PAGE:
And so the Necromancer commenced, instigating the first ritual, invoking the fifty-fourth Spirit:
A great duke and earl, who appeareth in the form of a warrior riding upon a gryphon, with a ducal crown upon his head. His office is to teach the black philosophy; he giveth power to the Necromancer to constrain souls deceased and make them do his bidding.
The gaudy, spiralling serpent seemed to slither and writhe about as the air became tense, to uncoil and devour itself, and become an ouroboros. The Necromancer’s eyes dazzled and dilated as he spoke: “I do invocate and conjure thee, O Spirit Murmur, and being with power armed from the supreme majesty, I do command thee, by Beralanensis, Baldachiensis, Paumachia and Apologiae Sedes. I do invoke you, Spirit, and conjure thee, by him who spake and it was done; I do exorcise thee and powerfully command thee, O Spirit, come now before me lest ye be cursed and sent to burn down in Chaos and bottomless perdition. I am an imperial servant of Iehovah and I do command and potently exorcise thee, that thou appear before this circle, to fulfill my will and do as I see fit, lest I harm thee with arcane power most potent. So do come now peacefully and visibly so that you may grant me that which I desire.”
Its presence was palpable. Trumpets sounded through the ether; whispering, echoing, growing louder: terrible feudal music announcing the arrival of something.
The earth quaked, graves shook, the snow turned to heavy hail that ricocheted off trees and mausoleums. Statues crumbled and fissures cracked open: ice filled them; the Necromancer’s breath turned cold as it danced on the air.
The clouds above were black and fierce. They trembled with the sound of rumbling thunder, and then lightning, a tremendous bolt, as if thrown by Zeus against Hades, struck hard and mighty, hurling all its awful power against the ground before the Necromancer, sparking shadowy flames that licked all about it.
In a blaze of black fire and red smoke, the entity appeared, bound by the power of the triangle to do the bidding of the Necromancer.
Letters of the Archangel’s name constraining it, and those of the Almighty allowing no release, the flames gathered into one tangible mass, not yet humanoid. The fire twisted and roared as it spoke to the Necromancer, spitting foul curses and torments, laughing, lunging at the circle, attempting to penetrate the zone of inhibition, trying desperately to get at him.
Smiling, the Necromancer continued: “I do invocate and conjure and command thee, O thou Spirit Murmur, to appear and show thyself visibly and affably unto me before this circle in a fair and comely shape, without deformity or tortuosity; in the name of Iah and Vau, which Adam heard and spake, by the name of God, which Jacob heard and by the name of Zabaoth which Moses named and all the rivers turned as blood, brought forth frogs that ascended into houses. There was a great hail and by Adonai which Moses named, there came locusts and other swarms which devoured the land. By the names of Tetragrammaton, Anaphaxeton, Primeumaton! Soluzen, Ballitor, Halliza! I do command thee come forth in a form pleasing to me to do that which I command of thee.”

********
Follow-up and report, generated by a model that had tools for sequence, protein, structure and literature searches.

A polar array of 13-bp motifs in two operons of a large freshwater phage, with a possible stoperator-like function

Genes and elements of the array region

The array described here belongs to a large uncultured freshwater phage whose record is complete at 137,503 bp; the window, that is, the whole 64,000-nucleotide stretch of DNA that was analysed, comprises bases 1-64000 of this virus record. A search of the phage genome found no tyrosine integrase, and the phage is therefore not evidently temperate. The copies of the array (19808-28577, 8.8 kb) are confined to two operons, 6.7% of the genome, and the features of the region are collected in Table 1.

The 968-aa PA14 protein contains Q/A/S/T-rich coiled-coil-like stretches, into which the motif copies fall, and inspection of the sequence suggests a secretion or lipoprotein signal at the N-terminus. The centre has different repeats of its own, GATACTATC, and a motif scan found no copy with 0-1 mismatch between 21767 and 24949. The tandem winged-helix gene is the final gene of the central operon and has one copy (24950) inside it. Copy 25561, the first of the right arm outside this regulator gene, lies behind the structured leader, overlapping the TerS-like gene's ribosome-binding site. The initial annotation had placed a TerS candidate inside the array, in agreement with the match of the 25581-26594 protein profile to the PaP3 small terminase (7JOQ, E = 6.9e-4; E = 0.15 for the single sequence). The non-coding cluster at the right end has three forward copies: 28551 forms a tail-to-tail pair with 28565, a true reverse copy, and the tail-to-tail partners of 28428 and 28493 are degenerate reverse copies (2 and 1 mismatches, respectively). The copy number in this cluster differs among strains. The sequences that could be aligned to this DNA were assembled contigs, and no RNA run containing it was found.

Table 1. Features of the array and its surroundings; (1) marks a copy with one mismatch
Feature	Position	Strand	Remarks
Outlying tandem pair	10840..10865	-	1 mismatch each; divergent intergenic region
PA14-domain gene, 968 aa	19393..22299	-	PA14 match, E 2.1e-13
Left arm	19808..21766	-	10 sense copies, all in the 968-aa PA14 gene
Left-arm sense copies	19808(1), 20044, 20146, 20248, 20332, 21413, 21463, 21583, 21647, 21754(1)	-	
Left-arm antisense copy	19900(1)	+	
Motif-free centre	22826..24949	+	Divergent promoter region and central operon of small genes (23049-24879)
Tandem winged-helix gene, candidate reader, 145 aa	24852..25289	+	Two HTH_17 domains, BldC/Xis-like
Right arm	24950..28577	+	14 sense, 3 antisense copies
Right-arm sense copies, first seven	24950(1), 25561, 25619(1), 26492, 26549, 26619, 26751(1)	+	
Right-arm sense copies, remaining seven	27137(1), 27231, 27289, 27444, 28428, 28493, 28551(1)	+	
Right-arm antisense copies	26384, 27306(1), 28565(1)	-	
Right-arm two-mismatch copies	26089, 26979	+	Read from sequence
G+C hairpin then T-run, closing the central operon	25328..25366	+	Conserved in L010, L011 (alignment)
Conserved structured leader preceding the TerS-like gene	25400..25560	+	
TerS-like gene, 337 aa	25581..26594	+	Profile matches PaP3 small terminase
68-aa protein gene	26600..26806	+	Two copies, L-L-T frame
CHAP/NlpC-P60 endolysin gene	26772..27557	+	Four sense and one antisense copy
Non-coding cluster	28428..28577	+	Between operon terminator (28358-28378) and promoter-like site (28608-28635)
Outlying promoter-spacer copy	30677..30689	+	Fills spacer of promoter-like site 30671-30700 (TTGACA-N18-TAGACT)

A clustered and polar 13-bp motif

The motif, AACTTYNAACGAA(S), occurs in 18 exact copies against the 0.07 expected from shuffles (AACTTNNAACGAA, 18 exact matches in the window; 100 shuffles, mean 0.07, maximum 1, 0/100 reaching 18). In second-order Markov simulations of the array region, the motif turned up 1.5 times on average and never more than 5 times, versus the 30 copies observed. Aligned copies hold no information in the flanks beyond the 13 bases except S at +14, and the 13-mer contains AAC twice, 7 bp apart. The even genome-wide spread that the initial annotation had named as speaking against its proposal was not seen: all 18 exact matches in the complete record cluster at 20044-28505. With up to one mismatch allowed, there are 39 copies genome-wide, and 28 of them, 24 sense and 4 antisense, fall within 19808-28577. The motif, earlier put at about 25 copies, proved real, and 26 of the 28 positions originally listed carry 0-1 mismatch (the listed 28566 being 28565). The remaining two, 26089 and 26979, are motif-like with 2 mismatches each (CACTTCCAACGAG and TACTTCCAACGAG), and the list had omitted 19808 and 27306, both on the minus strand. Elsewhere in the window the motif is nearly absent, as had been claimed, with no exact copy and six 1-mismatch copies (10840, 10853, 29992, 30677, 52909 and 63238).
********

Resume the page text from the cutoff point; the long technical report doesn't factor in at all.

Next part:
The flames swirled and danced, still resisting his command, but, unable to depart freely, they would soon surrender to his wishes.
Cradling the lamb in his arms, the Necromancer declared: “I do offer this creature to you. Take it and do as I ask of thee. Let my will be done, O Spirit!” He drew his blade and it smiled a rictus grin, letting the red sing as it flowed over and to the ground, before casting the body into the triangle where it was consumed by the black fire, disappearing in a crimson smoulder.
Mocking, screaming, it still resisted, claiming it deserved more gracious offerings.
And so the Necromancer opened the body bag.
With one arm he lifted up the drugged child, allowing the other inanimate figure to remain. Slapping her into consciousness, he removed the tape and was patient with her as she slowly came to realise, to the best of her childish understanding, what was happening. The Necromancer held her to him and gazed at the swirling mass ahead. Marking her face with the blade, he stole a final kiss, and cast her out of the circle. Innocent, unaware of the horror, agony and violation that she faced, and did not understand, could not comprehend why. All she remembered was walking hand in hand with Papa, happy in each other’s company, and the strange man who watched as they passed by.
The child let out a horrifying cry that pierced the vault above and stirred the dead below. The black fire descended upon her. Suffocating, groping, rending, it engulfed her small body at once, leaving nought but the scarlet vapour.
The flames, course and black, deepened; billowing they burned with unbridled lust and fury, grew broad and tall, taking on a humanoid figure, beneath which formed a large and shadowy beast not unlike a gryphon. Many arms and other uncanny appendages protruded from the dark mass with little symmetry as it wailed and moaned.